Satires, 2.5.51-55[1]:

perraro haec alea fallit. / qui testamentum tradet tibi cumque legendum, / abnuere et tabulas a te removere memento, / sic tamen, ut limis rapias, quid prima secundo / cera velit versu; solus multisne coheres, / veloci percurre oculo.
Whoever delivers his will to you to read, be mindful to decline it, and push the parchment from you: [do it] however in such a manner, that you may catch with an oblique glance, what the first page intimates to be in the second clause: run over with a quick eye, whether you are sole heir, or co-heir with many.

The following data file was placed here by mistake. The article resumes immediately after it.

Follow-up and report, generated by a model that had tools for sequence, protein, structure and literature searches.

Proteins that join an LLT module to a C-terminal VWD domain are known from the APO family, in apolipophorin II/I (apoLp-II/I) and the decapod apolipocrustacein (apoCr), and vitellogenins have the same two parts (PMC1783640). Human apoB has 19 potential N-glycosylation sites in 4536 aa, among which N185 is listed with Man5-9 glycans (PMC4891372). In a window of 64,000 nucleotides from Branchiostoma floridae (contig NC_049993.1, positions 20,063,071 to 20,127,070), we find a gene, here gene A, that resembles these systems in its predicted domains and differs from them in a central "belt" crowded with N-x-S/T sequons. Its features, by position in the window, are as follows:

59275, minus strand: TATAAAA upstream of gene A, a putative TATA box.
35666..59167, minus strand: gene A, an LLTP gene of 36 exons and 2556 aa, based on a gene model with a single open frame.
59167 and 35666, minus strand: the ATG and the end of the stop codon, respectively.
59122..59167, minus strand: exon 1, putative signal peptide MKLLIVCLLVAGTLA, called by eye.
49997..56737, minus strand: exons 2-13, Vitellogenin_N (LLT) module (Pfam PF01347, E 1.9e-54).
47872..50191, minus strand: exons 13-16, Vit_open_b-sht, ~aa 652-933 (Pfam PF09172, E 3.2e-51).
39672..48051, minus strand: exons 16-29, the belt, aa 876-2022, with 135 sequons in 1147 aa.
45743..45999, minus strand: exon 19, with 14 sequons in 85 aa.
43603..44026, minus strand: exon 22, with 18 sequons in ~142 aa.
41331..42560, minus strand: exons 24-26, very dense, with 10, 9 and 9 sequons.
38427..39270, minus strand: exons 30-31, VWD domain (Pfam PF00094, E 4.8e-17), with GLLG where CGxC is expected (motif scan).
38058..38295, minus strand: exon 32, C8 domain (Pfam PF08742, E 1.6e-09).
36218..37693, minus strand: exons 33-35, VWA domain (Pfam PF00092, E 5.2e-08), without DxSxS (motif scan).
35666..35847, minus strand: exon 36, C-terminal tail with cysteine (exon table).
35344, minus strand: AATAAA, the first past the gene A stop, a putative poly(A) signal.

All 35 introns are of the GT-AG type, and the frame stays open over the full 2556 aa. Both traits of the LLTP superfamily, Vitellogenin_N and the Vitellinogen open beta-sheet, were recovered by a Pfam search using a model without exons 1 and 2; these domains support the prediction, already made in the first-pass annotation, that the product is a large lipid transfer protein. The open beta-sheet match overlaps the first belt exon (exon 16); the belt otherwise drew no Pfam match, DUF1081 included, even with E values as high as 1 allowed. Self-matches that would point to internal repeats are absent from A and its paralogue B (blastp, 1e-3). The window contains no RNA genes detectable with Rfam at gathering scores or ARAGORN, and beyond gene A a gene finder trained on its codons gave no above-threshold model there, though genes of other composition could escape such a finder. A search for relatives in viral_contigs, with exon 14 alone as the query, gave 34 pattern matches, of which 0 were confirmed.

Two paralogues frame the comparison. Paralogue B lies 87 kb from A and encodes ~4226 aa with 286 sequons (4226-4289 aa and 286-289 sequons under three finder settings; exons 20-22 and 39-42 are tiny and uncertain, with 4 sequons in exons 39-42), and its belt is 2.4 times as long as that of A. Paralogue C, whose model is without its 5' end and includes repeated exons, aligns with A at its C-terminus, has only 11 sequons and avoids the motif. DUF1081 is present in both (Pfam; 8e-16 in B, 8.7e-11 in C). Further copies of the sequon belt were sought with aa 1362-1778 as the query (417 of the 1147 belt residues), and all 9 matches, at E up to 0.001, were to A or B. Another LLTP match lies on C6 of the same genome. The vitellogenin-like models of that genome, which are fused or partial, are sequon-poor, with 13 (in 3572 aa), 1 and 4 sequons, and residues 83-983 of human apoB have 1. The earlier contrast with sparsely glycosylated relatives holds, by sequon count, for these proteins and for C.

tabulas socero dabit atque / ut legat orabit; multum Nasica negatas / accipiet tandem et tacitus leget invenietque / nil sibi legatum praeter plorare suisque.
Then the son-in-law shall proceed thus: he shall deliver his will to his father-in-law, and entreat :him to read it; Nasica will at length receive it, after it has been several times refused, and silently peruse it; and will find no other legacy left to him and his, except leave to lament.

  1. sur Perseus
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